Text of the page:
As a Jewish organization, Anti-Semitism has always been a primary concern of ours. You can read our current resolution on the surge of anti-Semitic hate activity here:

      While we have no current plans to amend this resolution, we hold firm stances against inappropriate workplace behavior, the mistreatment of women, and everyday harassment so as to protect women from all backgrounds.

  8. Shirley Morrison says:

    This is a timely and excellent resolution and I applaud your efforts to face this ongoing problem. People should be encouraged to volunteer in places that look into this horrendous practice. Perhaps there should be a list of such places put forth as well.

    1. I have written and lectured about this topic for more than ten years. My article on “Jewish Sources and Trafficking in Women,” in Global Perspectives on Prostitution and Sex Trafficking: Africa, Asia, Middle East, and Oceania edited by Rochelle L. Dalla, Lynda M. Baker, John DeFrain and Celia Williamson (Lanham, MD: Lexington Books, 2011): 183-202). I will be giving a paper at the SBL Annual Conference in November in Boston on “Trafficking and the Beautiful Captive Woman” (Deuteronomy 21). It is a serious problem in Israel which is being addressed by and their Task Force on Human Trafficking and Prostitution. The North American Rabbis for Human Rights has some of my resources on their website: “Trafficking and Prostitution: Lessons from Jewish Sources with source sheet and study guide. and

  9. Helen & David Aminoff says:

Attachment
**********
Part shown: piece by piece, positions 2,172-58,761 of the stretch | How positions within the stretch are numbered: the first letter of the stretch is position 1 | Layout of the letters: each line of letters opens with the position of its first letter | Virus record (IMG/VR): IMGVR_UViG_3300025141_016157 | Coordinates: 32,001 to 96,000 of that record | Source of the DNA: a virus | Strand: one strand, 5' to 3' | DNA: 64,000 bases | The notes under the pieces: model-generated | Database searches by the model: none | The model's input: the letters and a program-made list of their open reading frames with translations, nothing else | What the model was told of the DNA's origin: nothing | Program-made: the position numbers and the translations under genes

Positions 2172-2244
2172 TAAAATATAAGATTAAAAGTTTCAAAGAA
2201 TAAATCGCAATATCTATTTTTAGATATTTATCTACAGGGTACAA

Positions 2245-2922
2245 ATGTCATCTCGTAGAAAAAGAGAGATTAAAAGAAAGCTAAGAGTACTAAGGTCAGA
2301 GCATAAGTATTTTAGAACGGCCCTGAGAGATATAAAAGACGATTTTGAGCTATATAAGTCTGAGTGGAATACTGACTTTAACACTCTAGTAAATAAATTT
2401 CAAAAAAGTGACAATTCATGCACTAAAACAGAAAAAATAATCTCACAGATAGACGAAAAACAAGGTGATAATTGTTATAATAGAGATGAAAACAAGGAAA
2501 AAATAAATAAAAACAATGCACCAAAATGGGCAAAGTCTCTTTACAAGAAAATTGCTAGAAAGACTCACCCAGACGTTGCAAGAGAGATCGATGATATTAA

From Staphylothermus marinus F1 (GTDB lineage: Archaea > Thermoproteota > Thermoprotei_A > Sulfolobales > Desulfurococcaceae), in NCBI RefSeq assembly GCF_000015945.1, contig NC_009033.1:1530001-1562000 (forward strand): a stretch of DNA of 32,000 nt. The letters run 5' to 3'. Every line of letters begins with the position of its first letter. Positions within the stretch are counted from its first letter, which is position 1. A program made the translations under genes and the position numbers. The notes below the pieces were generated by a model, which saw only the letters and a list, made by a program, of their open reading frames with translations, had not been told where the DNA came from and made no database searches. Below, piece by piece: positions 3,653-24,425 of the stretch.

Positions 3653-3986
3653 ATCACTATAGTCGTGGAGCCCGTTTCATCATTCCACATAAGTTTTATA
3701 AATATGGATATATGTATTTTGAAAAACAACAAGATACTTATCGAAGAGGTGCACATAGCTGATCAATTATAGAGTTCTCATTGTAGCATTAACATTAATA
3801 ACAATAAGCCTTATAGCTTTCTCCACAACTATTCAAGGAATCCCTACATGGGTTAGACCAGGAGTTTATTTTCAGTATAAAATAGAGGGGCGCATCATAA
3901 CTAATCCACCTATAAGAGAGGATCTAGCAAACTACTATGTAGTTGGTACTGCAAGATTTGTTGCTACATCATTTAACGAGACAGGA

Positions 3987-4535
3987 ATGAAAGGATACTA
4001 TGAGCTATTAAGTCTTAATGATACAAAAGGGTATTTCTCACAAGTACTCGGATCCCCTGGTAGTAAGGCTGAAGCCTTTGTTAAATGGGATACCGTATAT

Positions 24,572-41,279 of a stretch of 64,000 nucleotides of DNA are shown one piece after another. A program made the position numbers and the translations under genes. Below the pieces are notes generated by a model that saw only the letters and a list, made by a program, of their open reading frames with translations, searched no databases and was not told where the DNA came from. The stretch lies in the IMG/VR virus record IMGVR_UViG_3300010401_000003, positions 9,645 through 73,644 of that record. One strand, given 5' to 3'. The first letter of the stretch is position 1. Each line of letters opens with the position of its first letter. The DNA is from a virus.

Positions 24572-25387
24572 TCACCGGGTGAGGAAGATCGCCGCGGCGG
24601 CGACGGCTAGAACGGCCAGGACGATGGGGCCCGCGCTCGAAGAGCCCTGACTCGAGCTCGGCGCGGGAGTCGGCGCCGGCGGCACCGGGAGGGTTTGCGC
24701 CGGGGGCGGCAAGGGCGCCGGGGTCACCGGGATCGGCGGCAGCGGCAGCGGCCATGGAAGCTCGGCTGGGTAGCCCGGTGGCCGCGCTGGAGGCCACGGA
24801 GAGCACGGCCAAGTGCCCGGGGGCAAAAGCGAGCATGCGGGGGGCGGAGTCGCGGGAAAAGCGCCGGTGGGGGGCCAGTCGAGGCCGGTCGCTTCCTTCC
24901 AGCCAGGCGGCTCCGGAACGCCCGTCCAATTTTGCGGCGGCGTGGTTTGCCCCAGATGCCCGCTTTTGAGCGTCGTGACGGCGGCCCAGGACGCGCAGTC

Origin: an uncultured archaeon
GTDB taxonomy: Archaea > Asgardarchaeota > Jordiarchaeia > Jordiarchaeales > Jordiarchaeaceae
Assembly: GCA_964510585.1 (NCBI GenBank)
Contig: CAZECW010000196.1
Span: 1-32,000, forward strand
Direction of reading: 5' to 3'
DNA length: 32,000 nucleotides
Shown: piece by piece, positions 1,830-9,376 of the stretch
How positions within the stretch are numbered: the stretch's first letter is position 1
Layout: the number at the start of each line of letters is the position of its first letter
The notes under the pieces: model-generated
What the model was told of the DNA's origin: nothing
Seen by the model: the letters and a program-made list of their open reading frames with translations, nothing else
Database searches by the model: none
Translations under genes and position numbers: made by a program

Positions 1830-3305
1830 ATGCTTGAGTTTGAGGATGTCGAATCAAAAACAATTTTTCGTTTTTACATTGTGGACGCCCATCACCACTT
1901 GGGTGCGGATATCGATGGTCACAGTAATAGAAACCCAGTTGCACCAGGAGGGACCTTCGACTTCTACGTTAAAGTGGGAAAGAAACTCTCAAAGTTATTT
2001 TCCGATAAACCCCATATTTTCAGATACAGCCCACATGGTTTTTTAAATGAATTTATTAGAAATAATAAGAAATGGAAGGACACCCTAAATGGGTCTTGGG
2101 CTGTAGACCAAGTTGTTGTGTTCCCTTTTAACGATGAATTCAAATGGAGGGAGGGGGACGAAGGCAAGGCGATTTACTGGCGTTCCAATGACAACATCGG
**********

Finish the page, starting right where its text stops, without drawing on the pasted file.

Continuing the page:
Focusing on one issue at a time is appropriate–and certainly the one of human trafficking is at the top of the list. All the ills and wrongs in this world in which we are living now cannot be resolved by placing them all under one umbrella.

  10. Bev Dunn says:

    I see that this resolution (and others) of WLCJ refers only to U.S. legislation and resource contacts. Since we are an international organization, would it be possible to include something about “members in Canada” and quote some Canadian Human Trafficking Resources? Of course, if the resolutions are relevant only for US members, then please disregard my comment. Thanks for considering, and any input. 🙂

  11. Joy Perla says:

    The U.N. should spend more of its time fighting human trafficking, instead of excoriating israel. However, the resolution on such an important topic should be shorter and use key bullet points. And it’s a U.S. Problem as well! Start w that.

  12. Francine Abramoff says:

    This issue needs to be out there and WLCJ should certainly enact this resolution to help protect these victims in any way possible.

  13. Marlene Oslick says:

    I appreciate all the suggestions for improving the resolution.

  14. Lisa Goetz says:

    People getting their nails done need to think twice. These places are used to traffic women.

  15. Vivian Leber says:

    Excellent to see WLCJ address this long time problem. I’d like also to see Specific mention of policy actions by US and state governments not just ” worldwide” and “United Nations”. We can work against it within our borders too. You do mention the media and schools which certainly are part of the solution.

  16. Nancy Schwartz says:

    This is a must needed resolution. The awareness and prevention of human trafficking has been a priority of The American Association of University Women for years. Cindy McCain is also chairing an organization for this cause. Now..
    how about a resolution on sexual harassment?

  17. I also feel we should have something about adult women should not be out there by them self’s. I have seen women post they are jogging , rock climbing etc in remote areas by them self’s they should not be doing that to me it is asking for trouble.